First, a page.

lisadoris
02-07-12, 04:46 PM
iTunes has The Fantastic Flying Books of Mr. Morris Lessmore (http://itunes.apple.com/us/movie/fantastic-flying-books-mr./id439399261) as a free download (in HD, no less!) this week. It is one of the nominees for Best Short Film (Animated) this year. Not too shabby!
Thanks for the heads-up. What an adorable film the story was beautiful as was the animation (though as a teacher I think I'm biased for anything having to do with books and reading).

gp1086
02-07-12, 04:59 PM
The Lion King is such a magical film that never gets old to me. It's probably in my top ten favorites of all-time. I watched it on blu ray a month or so ago and the quality is incredible. Highly recommend you pick it up before it goes back in the Disney Vault.

gp1086
02-07-12, 05:03 PM
I PM'd the two moderators in this section about getting the lists thread stickied, FYI.

davidh777
02-07-12, 07:51 PM
Kid wanted to watch something so I cracked open the Pixar shorts. Good films, and padding my numbers was a nice bonus. :D

gp1086
02-08-12, 12:38 AM
Kid wanted to watch something so I cracked open the Pixar shorts. Good films, and padding my numbers was a nice bonus. :D
I'll have to check these out sometime.

gp1086
02-08-12, 12:38 AM
Got around to seeing The Artist tonight - meh. Am I the only one who doesn't think it's all the great?

Trevor
02-08-12, 07:55 AM
I think I've only watched one film that qualifies so far, but it was amazingly good, The Visitor (2007) (http://www.imdb.com/title/tt0857191/).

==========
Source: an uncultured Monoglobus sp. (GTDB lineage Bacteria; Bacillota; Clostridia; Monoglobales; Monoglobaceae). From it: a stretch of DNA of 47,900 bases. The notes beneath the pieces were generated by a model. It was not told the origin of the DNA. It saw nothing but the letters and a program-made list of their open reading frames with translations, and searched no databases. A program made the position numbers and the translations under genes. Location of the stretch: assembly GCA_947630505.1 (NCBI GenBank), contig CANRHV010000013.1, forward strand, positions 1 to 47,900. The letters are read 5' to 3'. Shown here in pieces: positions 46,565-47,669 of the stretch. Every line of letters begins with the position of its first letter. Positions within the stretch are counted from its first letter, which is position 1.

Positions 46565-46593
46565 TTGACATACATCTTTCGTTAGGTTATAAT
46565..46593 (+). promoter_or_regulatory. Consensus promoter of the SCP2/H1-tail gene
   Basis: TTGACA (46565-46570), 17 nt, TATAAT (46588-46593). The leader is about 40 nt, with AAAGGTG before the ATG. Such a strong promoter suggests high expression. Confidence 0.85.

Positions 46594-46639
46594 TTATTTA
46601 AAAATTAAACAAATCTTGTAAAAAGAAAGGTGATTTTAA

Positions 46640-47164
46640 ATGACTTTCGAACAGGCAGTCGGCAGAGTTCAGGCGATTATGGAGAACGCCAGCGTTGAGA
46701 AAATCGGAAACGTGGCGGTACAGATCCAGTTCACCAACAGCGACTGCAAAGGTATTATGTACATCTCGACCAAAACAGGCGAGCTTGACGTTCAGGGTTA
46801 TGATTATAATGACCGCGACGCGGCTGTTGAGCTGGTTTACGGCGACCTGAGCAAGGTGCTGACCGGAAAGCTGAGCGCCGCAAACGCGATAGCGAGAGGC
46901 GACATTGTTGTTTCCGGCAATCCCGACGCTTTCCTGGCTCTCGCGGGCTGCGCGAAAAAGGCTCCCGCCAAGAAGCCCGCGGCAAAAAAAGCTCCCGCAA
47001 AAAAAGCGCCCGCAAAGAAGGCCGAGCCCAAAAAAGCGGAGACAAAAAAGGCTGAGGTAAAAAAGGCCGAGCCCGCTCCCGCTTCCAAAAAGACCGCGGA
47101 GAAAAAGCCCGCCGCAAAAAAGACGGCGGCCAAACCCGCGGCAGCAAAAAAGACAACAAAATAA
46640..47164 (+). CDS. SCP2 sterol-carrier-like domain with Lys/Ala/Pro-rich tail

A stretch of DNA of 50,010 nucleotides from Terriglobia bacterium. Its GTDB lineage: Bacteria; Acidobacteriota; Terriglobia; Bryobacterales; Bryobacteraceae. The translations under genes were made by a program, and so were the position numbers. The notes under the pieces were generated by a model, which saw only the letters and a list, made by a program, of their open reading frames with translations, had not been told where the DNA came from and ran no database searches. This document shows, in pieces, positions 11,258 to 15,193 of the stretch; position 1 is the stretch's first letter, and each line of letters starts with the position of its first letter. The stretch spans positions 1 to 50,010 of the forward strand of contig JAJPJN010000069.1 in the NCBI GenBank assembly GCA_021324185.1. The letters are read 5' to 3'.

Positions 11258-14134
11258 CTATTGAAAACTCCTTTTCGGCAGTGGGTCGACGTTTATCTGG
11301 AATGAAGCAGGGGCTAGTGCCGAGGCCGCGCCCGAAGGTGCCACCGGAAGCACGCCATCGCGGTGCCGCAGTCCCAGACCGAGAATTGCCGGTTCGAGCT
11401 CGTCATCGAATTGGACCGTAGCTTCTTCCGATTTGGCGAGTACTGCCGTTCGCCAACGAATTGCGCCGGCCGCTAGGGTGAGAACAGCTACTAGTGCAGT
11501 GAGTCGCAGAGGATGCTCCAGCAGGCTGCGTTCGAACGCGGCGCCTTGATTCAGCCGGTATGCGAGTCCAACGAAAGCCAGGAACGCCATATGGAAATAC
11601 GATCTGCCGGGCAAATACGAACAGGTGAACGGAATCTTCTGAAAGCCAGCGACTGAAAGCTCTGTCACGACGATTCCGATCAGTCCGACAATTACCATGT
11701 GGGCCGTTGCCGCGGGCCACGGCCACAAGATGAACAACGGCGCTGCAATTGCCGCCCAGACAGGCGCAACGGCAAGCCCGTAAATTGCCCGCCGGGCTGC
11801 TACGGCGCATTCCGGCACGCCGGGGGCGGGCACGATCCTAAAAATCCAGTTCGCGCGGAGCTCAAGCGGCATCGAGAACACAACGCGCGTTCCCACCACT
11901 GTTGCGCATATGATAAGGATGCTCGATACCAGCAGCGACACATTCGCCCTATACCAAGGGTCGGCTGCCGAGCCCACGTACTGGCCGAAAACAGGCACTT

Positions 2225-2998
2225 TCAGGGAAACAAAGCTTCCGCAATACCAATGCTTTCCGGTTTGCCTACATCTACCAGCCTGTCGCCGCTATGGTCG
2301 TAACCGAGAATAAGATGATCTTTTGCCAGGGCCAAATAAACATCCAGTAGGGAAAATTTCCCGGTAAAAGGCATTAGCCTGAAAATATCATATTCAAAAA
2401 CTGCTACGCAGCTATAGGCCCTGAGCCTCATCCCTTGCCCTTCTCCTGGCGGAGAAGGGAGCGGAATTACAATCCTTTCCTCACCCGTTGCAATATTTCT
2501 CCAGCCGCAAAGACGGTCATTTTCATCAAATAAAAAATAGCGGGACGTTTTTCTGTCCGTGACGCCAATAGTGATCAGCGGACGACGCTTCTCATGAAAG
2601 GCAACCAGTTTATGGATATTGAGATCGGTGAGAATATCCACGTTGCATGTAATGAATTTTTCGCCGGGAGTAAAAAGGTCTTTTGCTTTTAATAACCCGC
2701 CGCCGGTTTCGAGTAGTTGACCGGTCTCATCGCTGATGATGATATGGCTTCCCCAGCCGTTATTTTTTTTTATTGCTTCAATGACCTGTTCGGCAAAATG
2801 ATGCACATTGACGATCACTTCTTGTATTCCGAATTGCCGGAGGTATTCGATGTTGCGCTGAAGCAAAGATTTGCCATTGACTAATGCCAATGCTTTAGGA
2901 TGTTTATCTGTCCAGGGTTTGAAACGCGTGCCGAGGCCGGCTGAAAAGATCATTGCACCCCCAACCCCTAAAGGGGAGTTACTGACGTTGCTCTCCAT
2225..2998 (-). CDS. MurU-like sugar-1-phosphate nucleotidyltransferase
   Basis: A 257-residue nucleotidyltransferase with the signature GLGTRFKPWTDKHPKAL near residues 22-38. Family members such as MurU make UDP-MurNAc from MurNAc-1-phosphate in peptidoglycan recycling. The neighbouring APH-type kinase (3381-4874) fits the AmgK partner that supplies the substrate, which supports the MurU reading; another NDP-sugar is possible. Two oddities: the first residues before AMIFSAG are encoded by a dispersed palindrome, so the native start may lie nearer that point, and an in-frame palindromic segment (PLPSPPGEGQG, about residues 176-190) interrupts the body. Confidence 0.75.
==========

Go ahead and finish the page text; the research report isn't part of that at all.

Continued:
Engaging story told in subtle ways with no preachiness, fake moments, or Hollywood ending; and just beautiful performances by the entire cast, especially Richard Jenkins.

crazychris88
02-08-12, 09:46 AM
Got around to seeing The Artist tonight - meh. Am I the only one who doesn't think it's all the great?

You are not alone. Both my girlfriend and myself didn't like it at all. Actually made my top 10 worst films of the year (at no. 10 , but still).I will happy if anything beats it this year for Best picture. Even The Help or EL&IC

gp1086
02-08-12, 09:53 AM
You are not alone. Both my girlfriend and myself didn't like it at all. Actually made my top 10 worst films of the year (at no. 10 , but still).I will happy if anything beats it this year for Best picture. Even The Help or EL&IC
I won't go as far to say I hated it or anything, but I was disengaged for quite a decent amount of time and found myself not really caring too much about the characters. Gave it a 5.0 out of 10. Definitely don't plan to return to it soon or anything.

davidh777
02-08-12, 12:29 PM
I'll have to check these out sometime.

I had seen most of the shorts in theaters (except the Cars one, perhaps because I didn't see Wall-E in theaters) but Pixar is always worth a rewatch.

Got around to seeing The Artist tonight - meh. Am I the only one who doesn't think it's all the great?

You are not alone. Both my girlfriend and myself didn't like it at all. Actually made my top 10 worst films of the year (at no. 10 , but still).I will happy if anything beats it this year for Best picture. Even The Help or EL&IC

Personally I loved The Artist, but I'm also a fan of early film. But this isn't the first time crazychris and I have had different opinions. :)

davidh777
02-08-12, 01:39 PM
Just watched Air Force One for the first time in years, after someone mentioned it in this thread. Such a hot-button movie, but I enjoy it. Hard not to like peak Harrison Ford, and it takes me back to the days when William H. Macy seemed to be in everything, but I like him too so it's OK.